Concept

Modernism

Summary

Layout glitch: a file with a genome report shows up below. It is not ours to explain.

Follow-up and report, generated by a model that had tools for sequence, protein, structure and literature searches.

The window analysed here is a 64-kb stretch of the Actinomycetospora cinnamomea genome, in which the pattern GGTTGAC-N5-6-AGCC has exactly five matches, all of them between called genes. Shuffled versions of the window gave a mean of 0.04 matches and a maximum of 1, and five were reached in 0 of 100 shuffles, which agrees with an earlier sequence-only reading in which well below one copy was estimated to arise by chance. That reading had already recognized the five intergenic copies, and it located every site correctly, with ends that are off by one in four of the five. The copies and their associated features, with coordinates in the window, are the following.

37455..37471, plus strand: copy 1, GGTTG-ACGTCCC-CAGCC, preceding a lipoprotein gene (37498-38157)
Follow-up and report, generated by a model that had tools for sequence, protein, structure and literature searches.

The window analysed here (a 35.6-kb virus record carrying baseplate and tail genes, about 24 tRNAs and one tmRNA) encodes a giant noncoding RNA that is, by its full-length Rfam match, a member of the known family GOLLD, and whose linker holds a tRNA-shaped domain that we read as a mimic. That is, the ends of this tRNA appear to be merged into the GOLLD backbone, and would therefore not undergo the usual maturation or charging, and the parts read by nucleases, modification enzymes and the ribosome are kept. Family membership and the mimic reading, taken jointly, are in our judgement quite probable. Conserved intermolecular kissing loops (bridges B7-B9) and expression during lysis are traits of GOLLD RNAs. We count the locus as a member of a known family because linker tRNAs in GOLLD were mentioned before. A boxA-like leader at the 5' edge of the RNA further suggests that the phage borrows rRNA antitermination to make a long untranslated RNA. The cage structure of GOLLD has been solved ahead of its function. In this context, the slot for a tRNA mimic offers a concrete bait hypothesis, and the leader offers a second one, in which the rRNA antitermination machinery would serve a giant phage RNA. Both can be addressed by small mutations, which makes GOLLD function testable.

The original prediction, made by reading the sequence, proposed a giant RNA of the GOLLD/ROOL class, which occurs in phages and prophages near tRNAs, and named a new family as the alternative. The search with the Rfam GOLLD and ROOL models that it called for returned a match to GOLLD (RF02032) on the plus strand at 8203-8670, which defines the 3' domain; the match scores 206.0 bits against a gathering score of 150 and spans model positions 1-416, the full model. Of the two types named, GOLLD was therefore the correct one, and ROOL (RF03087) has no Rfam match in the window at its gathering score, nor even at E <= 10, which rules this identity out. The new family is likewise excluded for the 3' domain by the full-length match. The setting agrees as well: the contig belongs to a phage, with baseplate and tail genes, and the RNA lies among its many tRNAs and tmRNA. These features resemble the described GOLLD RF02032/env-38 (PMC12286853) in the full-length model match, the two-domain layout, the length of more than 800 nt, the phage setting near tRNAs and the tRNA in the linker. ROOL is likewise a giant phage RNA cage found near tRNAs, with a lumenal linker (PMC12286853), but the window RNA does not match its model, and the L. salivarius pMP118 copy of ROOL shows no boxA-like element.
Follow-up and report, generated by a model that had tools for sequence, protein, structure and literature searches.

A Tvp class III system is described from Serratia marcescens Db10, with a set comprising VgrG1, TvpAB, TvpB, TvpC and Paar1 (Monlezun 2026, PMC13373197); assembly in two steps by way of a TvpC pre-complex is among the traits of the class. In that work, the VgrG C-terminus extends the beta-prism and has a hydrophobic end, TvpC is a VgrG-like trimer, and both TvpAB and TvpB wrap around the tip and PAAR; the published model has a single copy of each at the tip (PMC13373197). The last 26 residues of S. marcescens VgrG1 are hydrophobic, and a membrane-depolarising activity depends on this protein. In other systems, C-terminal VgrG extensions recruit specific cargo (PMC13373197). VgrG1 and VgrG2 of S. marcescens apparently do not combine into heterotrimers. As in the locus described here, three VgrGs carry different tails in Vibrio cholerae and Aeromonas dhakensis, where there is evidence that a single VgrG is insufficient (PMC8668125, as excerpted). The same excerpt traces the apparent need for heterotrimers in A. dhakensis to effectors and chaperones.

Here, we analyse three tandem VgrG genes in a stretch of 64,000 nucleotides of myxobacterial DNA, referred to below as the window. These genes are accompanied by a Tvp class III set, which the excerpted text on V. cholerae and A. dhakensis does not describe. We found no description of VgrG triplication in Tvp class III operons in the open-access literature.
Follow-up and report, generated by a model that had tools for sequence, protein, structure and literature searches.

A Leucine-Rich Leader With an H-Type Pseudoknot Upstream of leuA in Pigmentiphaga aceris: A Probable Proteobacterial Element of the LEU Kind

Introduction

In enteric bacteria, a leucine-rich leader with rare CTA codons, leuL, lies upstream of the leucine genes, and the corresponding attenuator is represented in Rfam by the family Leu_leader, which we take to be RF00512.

Modernism is a philosophical, religious, and arts movement that arose from broad transformations in Western society during the late 19th and early 20th centuries. The movement reflected a desire for the creation of new forms of art, philosophy, and social organization which reflected the newly emerging industrial world, including features such as urbanization, architecture, new technologies, and war. Artists attempted to depart from traditional forms of art, which they considered outdated or obsolete. The poet Ezra Pound's 1934 injunction to "Make it New" was the touchstone of the movement's approach. Modernist innovations included abstract art, the stream-of-consciousness novel, montage cinema, atonal and twelve-tone music, divisionist painting and modern architecture. Modernism explicitly rejected the ideology of realism and made use of the works of the past by the employment of reprise, incorporation, rewriting, recapitulation, revision
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